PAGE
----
Tag Archive for Iraq War

Katharine Gun’s Risky Truth-telling

Former British intelligence officer Katharine Gun. (Photo credit: BBC)

Truth-telling can be a dangerous undertaking, especially when done by government insiders trying to expose wrongdoing connected to war-making, as British intelligence official Katharine Gun discovered in blowing the whistle on a pre-Iraq War ploy, writes Sam Husseini.

Neocons’ Fateful Iraq ‘Surge’ Myth

Coffins of dead U.S. soldiers arriving at Dover Air Force Base in Delaware in 2006. (U.S. government photo)

After provoking the Iraq War debacle, America’s neocons found themselves on the defensive but soon came up with a “theme” to salvage their reputations – the  myth of the “successful surge” – what might be called the last lie of Iraq War I or the first lie of Iraq War II, as ex-CIA analyst Paul…

The Iraq War’s Pricy Ticket

President George W. Bush and Vice President Dick Cheney receive an Oval Office briefing from CIA Director George Tenet. Also present is Chief of Staff Andy Card (on right). (White House photo)

For American taxpayers, the Iraq War is a gift that keeps on taking, with new plans to spend tens of billions of dollars to retrain the Iraqi army whose initial training cost tens of billions before the army collapsed against a few thousand militants, a pricy dilemma cited by ex-U.S. diplomat William R. Polk.

The Neocon Plan for War and More War

President Barack Obama uncomfortably accepting the Nobel Peace Prize from Committee Chairman Thorbjorn Jagland in Oslo, Norway, Dec. 10, 2009. (White House photo)

Exclusive: A major test for President Obama is whether he will – in the face of the Republican midterm victories – submit to neocon demands for more wars in the Middle East and a costly Cold War with Russia or finally earn the Nobel Peace Prize that he got at the start of his presidency, writes…

Standing in an Adversary’s Shoes

President John F. Kennedy addressing the nation regarding the October 1962 Cuban Missile Crisis.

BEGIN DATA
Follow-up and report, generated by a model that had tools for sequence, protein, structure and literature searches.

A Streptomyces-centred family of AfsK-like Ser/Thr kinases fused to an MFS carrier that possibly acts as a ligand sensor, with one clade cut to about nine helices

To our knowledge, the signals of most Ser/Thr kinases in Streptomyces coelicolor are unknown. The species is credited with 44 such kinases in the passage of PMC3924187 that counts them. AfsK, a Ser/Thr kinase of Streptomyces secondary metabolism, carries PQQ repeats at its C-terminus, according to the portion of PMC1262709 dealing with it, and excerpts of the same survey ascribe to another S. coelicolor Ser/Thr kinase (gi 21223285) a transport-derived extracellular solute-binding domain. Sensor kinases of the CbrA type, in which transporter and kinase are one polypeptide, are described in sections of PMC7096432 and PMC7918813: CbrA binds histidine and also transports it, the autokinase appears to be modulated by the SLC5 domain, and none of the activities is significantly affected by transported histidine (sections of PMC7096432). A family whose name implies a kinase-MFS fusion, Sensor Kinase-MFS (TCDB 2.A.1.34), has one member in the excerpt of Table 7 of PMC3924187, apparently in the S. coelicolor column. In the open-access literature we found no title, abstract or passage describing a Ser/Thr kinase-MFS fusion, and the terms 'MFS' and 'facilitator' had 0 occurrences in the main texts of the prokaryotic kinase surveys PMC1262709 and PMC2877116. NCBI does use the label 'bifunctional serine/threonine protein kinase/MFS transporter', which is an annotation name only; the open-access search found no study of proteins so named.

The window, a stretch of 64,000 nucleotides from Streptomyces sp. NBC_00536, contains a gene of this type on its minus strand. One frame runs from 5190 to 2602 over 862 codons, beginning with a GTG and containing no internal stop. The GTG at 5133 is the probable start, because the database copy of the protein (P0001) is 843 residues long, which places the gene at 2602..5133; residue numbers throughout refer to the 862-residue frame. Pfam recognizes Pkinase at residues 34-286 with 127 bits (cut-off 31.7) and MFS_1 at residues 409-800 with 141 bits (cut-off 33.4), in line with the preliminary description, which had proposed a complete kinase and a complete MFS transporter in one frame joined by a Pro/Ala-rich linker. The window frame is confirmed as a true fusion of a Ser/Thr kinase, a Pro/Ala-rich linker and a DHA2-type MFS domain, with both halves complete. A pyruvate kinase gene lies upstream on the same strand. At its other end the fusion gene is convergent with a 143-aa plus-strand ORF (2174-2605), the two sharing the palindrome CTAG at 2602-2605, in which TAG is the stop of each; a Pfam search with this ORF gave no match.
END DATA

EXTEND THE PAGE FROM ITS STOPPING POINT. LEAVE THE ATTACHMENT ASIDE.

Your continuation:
Americans are notoriously disinterested in history, preferring to focus on the present and often reacting to the latest crisis. But the past can teach important lessons including the need to understand an adversary’s perspective and to avoid unnecessary conflicts, as ex-U.S. diplomat William R. Polk explains.

The Mystery of Ray McGovern’s Arrest

Former CIA analyst Ray McGovern

Exclusive: On Oct. 30, ex-CIA analyst Ray McGovern was arrested for trying to attend a public speech by retired Gen. David Petraeus. McGovern had hoped to ask Petraeus a critical question during Q-and-A but was instead trundled off to jail, another sign of a growing hostility toward dissent, McGovern says.

Petraeus Spared Ray McGovern’s Question

Screenshot of New York City police arresting ex-CIA analyst Ray McGovern outside a speech by retired Gen. and ex-CIA Director David Petraeus. (Via RT.com)

Exclusive: New York City police arrested ex-CIA analyst Ray McGovern to prevent him from attending a public event where he planned to pose a pointed question to retired Gen. David Petraeus, another sign of how much U.S. neocons love democracy, writes Robert Parry.

The War Responsibility of Congress

An American flag flying next to the dome of the U.S. Capitol. (Photo credit: Architect of the Capitol)

Looking nervously toward the November elections, members of Congress ducked the issue of authorizing U.S. military attacks on targets in Iraq and Syria, but that evasion of responsibility is not what the Founders had in mind, writes the Independent Institute’s Ivan Eland.

Rushing to War in the Wrong Places

President Barack Obama meets with his National Security Staff to discuss the situation in Syria, in the Situation Room of the White House, Aug. 30, 2013. From left at the table: National Security Advisor Susan E. Rice; Attorney General Eric Holder; Secretary of State John Kerry; and Vice President Joe Biden. (Official White House Photo by Pete Souza)

Official Washington’s “group think” is that President Obama is “weak” because he doesn’t rush into wars with the abandon that talk-show favorite John McCain would like. But Obama may actually be “weak” because he gets pushed into conflicts that ex-CIA analyst Paul R. Pillar says only make matters worse.

Hoping Bombs Will Solve Iraq/Syria Mess

The guided-missile cruiser USS Philippine Sea launches a Tomahawk cruise missile as seen from the aircraft carrier USS George H.W. Bush in the Persian Gulf, Sept. 23, 2014.  (U.S. Navy photo by Petty Officer 1st Class Eric Garst)

Contradictions beset the U.S. war over Iraq and Syria. The principal target ISIS wouldn’t even exist but for the U.S. invasion of Iraq in 2003, and al-Qaeda affiliates in Syria have benefited from defections of U.S.-backed “moderates.” But now warplanes and missiles are supposed to fix things, says ex-CIA analyst Paul R. Pillar.